There’s an unexpected sweetness to Mister Wonderful, the latest work from Daniel Clowes (new in hardback from Pantheon). Sure, we’re still deep in Clowes territory here, with misanthropic protagonist Marshall offering up acerbic observations on wealthy yuppies, phony poseurs, and jerks on cell phones—all shot through a lens of self-loathing—but Mister Wonderful (subtitled A Love Story) is optimistic, a study in possibility that never tips over the sheer cliff of despair on the other side of romanticism. With its sense of balance, both emotional and narrative, Mister Wonderful is in some way the “good twin” to last year’s Wilson, a work that pointed to the illusory nature of growth and the futility of human connection.
Where Wilson measured the life of its eponymous protagonist over decades (and in extreme hyperbole) as he sought to regain contact with his estranged family, Mister Wonderful covers just a few hours in the life of Marshall, a sad man set up on a blind date with nutty Natalie, a woman he immediately pegs as way out of his league. Marshall quickly romanticizes the possibility of a life with Natalie, struggling to keep his composure throughout their coffee and dinner date.
Natalie curtails the date to go to a party with old friends, but a surprise (violent) encounter allows Marshall a sliver of heroism—and a chance for more time with Natalie. They head to the party together, only to run into Natalie’s ex-boyfriend, giving Clowes plenty of oomph for a strong third act.
There’s a cinematic scope to Mister Wonderful. The book is 11″ x 6″, and Clowes makes excellent use of his Sunday’s comic page dimensions, exhibiting a level of detail and precision that imbue in Mister Wonderful an air of realism (one that contrasts the cartoony elements of evil twin Wilson). Clowes’s artistic powers are refined, balanced, and agile; he displays a command of color and shape that help define the strange emotional contours of Mister Wonderful, a book about second chances and those rare moments our interior lives might sync unexpectedly with the concrete possibilities life affords us.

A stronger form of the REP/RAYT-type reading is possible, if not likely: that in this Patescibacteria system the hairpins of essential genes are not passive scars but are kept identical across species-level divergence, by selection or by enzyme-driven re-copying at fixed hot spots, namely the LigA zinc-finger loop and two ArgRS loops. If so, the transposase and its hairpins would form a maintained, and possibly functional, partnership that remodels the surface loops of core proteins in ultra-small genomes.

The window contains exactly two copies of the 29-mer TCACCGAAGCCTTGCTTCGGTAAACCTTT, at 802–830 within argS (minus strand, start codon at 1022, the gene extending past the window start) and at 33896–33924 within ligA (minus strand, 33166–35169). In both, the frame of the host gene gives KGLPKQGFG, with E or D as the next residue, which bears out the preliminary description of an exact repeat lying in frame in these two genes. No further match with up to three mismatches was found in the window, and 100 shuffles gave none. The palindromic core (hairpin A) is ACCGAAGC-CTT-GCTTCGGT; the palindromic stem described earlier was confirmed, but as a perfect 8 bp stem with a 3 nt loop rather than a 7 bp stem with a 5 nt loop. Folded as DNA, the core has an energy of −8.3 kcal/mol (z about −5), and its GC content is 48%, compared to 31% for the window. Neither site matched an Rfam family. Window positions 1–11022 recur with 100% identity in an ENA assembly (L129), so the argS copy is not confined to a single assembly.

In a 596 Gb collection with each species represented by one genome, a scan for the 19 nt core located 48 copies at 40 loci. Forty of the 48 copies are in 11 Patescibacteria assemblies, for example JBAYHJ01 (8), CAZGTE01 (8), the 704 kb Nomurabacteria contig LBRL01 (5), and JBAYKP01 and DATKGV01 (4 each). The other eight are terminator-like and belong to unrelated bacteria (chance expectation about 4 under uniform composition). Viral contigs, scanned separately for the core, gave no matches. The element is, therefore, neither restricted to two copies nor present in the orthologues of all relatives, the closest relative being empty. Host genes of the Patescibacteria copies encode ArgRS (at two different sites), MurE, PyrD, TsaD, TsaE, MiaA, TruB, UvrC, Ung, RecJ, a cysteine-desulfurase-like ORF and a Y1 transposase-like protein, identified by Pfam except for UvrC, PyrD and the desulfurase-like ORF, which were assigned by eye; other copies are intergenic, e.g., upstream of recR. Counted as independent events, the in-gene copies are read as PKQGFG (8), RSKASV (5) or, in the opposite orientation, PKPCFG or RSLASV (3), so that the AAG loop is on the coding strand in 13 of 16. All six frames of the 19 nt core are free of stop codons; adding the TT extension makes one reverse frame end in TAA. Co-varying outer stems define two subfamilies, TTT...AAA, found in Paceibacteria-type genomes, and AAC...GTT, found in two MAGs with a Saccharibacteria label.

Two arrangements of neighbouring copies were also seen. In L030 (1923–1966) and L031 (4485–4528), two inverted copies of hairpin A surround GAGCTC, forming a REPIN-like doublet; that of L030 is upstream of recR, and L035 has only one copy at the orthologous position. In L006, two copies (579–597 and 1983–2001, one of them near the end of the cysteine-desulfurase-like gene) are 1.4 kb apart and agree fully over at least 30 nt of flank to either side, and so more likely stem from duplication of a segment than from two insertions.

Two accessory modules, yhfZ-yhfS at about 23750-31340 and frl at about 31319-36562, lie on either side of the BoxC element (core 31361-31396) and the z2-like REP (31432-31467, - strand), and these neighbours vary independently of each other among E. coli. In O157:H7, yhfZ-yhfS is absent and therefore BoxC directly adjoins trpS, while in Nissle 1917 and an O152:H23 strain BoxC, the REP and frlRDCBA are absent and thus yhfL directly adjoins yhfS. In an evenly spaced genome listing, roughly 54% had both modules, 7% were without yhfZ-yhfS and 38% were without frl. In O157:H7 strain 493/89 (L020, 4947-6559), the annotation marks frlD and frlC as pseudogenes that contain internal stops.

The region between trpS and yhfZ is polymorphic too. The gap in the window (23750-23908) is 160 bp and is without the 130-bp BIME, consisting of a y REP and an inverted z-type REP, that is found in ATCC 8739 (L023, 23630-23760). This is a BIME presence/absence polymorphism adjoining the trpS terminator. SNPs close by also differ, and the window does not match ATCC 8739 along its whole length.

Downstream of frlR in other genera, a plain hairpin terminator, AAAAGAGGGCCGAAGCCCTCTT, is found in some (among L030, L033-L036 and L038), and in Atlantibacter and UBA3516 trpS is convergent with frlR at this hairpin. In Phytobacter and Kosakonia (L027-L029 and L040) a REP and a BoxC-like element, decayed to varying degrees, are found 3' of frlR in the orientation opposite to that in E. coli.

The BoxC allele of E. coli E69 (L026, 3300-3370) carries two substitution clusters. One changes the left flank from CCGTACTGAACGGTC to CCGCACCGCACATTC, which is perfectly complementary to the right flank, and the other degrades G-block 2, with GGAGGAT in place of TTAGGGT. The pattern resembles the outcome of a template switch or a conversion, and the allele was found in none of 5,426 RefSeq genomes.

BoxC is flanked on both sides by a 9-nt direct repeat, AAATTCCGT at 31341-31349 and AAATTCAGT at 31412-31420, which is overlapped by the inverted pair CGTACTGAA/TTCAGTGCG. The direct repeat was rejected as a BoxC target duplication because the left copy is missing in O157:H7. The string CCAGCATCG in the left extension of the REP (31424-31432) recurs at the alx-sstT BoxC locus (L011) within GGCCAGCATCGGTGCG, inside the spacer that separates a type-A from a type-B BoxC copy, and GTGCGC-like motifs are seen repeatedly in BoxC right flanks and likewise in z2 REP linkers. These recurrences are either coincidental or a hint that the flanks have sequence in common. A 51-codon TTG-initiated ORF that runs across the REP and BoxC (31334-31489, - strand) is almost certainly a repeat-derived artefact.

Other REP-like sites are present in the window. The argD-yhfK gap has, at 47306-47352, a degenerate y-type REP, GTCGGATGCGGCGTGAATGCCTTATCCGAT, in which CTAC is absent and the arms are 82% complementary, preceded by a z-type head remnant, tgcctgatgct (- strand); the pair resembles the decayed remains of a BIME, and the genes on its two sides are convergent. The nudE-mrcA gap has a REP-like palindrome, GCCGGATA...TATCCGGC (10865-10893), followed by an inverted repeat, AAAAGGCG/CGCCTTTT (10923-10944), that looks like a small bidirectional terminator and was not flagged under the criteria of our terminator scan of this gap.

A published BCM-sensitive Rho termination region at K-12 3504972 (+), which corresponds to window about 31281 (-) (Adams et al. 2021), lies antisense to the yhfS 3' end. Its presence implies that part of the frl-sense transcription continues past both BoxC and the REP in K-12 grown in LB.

Mister Wonderful is funny and balanced, but it’s not for everyone, including some longtime Clowes fans who might quibble with the book’s apparent slightness. Mister Wonderful clocks in at 80 pages, and while some readers may feel shortchanged, perhaps they are overlooking the scope of the work. Clowes is at the height of his powers here, deftly controlling a spare story about midlife tumult. There’s maturity and depth in this graphic novella. “Novella” isn’t the right term—Mister Wonderful is closer to a long short story, expertly told. Clowes still exhibits some of the sharp, mean edges that marked his earlier work, but the points are more finely honed, more subtle and precise. Some of the erratic weirdness we find in Clowes’s early stuff isn’t on display here, but this is more on account of Clowes’s stronger command of his medium’s formal elements. The bizarre, cynical spirit remains, however. Thankfully, Clowes makes no attempt to redeem his weirdos, nor does he push them into an unearned, false conclusion. Instead, Mr. Wonderful presents their problems and hang-ups and shortcomings as very real, even as it suggests a tint of unironic optimism. Recommended.